Description from bookdepository.co.uk:
16 years ago, Waverly and Kieran were the first children born in space. Now a perfect couple, they are the pride and joy of the whole spaceship. They represent the future. The ship is their entire world. They have never seen a stranger before. Old Earth is crumbling, and the crew is hoping to reach (and colonise) New Earth within fifty years. Along with their allies on the second spaceship - who set off a year before them and whom they have never met. One day, Kieran proposes to Waverly. That same morning, the 'allies' attack - and Kieran and Waverly are separated in the cruelest way possible. Will they ever see each other again?
This was a really interesting, though at times, frustrating, book. The concept was quite cool, and something I’d seen pondered in a number of Star Trek episodes in various different ways. Kieran and Seth and Waverly are raised on what is effectively a generational ship, but there are poisoned people on this ship, and Kieran is little too religious for the atheist ship he lives on (the other ship, 6 or so months ahead of them, is the religious ship). Unexpectedly, at least to the children, the other ship, the New Horizon, has slowed down to match up to its sister ship, and New Horizon attacks. In a manner that is just a slight stretch (but its necessary for the purpose of the story), the majority of the adults are killed, and all the girls are kidnapped. What subsequently unfolds is a Lord of the Flies type story tainted by religious fanaticism and humanity’s terror at not being able to reproduce. None of the characters in this book are perfect, even if their intentions are understandable, and I really appreciated that. Kieran is annoying and has elements of one of the cult like figures, who starts to believe his own hype, but you can kind of appreciate that he thinks he’s doing what’s best for the community. Seth hates Kieran and its not necessarily hard to understand why, though he takes his dislike way too far. Waverly is caught in the middle, and she often appears the voice of reason, but she too suffers and makes questionable decisions. All are put in inevitable positions, and its fascinating to see them cope. This is the first in a trilogy, and definitely an interesting sci-fi version of Lord of the Flies. Worth a look.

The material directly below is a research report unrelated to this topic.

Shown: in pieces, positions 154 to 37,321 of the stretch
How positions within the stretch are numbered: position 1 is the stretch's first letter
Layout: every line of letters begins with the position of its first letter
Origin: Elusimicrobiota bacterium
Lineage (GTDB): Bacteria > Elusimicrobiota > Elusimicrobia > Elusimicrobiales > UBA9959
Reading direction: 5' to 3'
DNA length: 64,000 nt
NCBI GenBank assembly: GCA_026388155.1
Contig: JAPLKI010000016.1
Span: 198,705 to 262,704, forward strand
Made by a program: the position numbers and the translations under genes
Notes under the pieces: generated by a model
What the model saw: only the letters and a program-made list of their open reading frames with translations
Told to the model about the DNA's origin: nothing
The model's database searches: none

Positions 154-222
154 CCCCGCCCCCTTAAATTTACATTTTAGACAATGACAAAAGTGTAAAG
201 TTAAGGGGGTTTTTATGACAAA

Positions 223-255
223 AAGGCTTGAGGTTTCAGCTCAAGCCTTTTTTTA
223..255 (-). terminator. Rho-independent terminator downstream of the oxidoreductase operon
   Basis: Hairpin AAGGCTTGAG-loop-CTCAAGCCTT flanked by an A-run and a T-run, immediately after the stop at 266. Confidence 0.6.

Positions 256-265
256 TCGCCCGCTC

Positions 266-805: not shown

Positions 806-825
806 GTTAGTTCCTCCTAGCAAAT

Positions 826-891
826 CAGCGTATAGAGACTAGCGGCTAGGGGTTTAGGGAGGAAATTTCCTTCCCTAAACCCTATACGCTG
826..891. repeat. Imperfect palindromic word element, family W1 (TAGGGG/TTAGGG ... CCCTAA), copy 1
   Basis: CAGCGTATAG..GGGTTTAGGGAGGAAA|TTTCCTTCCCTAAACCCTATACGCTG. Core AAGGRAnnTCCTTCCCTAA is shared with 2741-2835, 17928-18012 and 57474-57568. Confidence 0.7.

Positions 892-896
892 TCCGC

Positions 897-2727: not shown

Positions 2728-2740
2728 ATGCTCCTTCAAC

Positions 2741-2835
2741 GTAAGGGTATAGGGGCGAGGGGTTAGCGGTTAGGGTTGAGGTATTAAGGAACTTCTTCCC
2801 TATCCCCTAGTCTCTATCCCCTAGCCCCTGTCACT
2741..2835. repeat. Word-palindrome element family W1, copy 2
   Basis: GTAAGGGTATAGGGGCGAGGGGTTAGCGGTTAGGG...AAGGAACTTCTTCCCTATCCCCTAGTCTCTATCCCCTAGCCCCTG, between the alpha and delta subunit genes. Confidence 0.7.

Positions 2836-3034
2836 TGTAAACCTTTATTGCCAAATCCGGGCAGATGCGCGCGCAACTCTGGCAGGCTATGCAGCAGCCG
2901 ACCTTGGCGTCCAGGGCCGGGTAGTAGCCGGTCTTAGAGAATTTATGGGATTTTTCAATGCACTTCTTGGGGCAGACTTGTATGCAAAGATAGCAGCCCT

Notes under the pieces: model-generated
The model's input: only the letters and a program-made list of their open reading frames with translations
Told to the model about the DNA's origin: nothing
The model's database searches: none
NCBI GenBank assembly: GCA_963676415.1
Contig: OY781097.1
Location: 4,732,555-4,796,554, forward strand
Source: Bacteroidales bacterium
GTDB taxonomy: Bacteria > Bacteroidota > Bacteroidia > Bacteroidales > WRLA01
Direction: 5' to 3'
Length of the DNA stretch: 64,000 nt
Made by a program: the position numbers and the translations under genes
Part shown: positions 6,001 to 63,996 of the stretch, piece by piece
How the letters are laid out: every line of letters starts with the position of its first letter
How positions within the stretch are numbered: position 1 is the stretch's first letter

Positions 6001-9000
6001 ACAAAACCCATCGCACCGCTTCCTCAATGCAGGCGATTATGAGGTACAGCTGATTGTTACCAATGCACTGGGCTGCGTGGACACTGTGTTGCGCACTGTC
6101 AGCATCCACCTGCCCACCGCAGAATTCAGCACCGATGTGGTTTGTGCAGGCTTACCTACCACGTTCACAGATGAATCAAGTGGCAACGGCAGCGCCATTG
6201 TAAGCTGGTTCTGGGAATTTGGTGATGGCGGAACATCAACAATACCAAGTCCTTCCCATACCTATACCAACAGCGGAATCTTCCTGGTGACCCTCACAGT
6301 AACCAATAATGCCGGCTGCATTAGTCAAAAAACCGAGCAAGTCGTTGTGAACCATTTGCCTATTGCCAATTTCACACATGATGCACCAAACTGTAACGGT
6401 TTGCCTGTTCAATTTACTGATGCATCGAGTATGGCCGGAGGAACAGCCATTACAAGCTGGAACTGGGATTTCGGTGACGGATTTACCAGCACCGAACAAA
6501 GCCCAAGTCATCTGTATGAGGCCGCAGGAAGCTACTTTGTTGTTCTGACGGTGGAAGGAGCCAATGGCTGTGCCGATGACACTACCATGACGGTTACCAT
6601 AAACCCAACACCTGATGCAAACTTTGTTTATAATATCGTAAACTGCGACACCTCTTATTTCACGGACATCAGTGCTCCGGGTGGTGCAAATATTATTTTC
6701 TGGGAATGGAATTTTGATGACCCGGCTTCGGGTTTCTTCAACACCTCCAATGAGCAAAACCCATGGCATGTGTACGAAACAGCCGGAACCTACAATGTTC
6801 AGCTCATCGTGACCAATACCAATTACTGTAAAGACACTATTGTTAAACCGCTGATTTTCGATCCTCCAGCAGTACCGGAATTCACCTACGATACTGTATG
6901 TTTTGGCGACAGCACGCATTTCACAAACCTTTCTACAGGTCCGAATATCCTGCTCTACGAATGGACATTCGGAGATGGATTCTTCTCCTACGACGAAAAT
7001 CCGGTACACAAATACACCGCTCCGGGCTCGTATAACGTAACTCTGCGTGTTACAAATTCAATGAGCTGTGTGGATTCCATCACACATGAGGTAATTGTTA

13 / 50 books. 26% done!
5064 / 15000 pages. 34% done!
Book 14: Before Ever After by Samantha Sotto – 294 pages
Description from bookdepository.co.uk:
Three years after her husband Max's death, Shelley feels no more adjusted to being a widow than she did that first terrible day. That is, until the doorbell rings. Standing on her front step is a young man who looks so much like Max-same smile, same eyes, same age, same adorable bump in his nose-he could be Max's long-lost relation. He introduces himself as Paolo, an Italian editor of American coffee table books, and shows Shelley some childhood photos. Paolo tells her that the man in the photos, the bearded man who Paolo says is his grandfather though he never seems to age, is Max. "Her" Max. And he is alive and well. As outrageous as Paolo's claims seem-how could her husband be alive? And if he is, why hasn't he looked her up? - Shelley desperately wants to know the truth. She and Paolo jet across the globe to track Max down-if it is "really" Max- and along the way, Shelley recounts the European package tour where they had met. As she relives Max's stories of bloody Parisian barricades, medieval Austrian kitchens, and buried Roman boathouses, Shelley begins to piece together the story of who her husband was and what these new revelations mean for her "happily ever after." And as she and Paolo get closer to the truth, Shelley discovers that not all stories end where they are supposed to.
I’m not sure what I expected, but this was a really beautiful story. Shelley’s beloved husband Max dies in an explosion on a train. Three years later, a man comes to her door who looks just like Max. Shelley is shocked when this man, Paolo, tells her that he is Max’s grandson. So begins two stories: the story of how Shelley and Max met, and the story of how it is that Max could possibly have a grandson. It’s a very clever story, but also very beautiful, and I certainly wasn’t expecting the ending. Max’s story is a reflection on what makes a life. Shelley’s love for her husband is one of those special one of a kind type of loves. Max’s stories, told in the flashbacks that explain how Max and Shelley meet, are obscure little tales that you almost wish were real. It’s a whimsical, meandering kind of story with a beautiful heart.
14 / 50 books. 28% done!
5358 / 15000 pages. 36% done!
- The Other Queen by Philippa Gregory – 437 pages
- Celebrity Crimes: The Dark Side of the Limelight by Xavier Waterkeyn – 233 pages
- A Series of Unfortunate Events: Book the Fifth: The Austere Academy by Lemony Snicket – 221 pages
And coming up:
- The Second Chronicles of Thomas Covenant: Volume 3: White Gold Wielder by Stephen Donaldson – 500 pages
- The Odyssey by Homer – 324 pages
- One for the Money by Janet Evanovich – 290 pages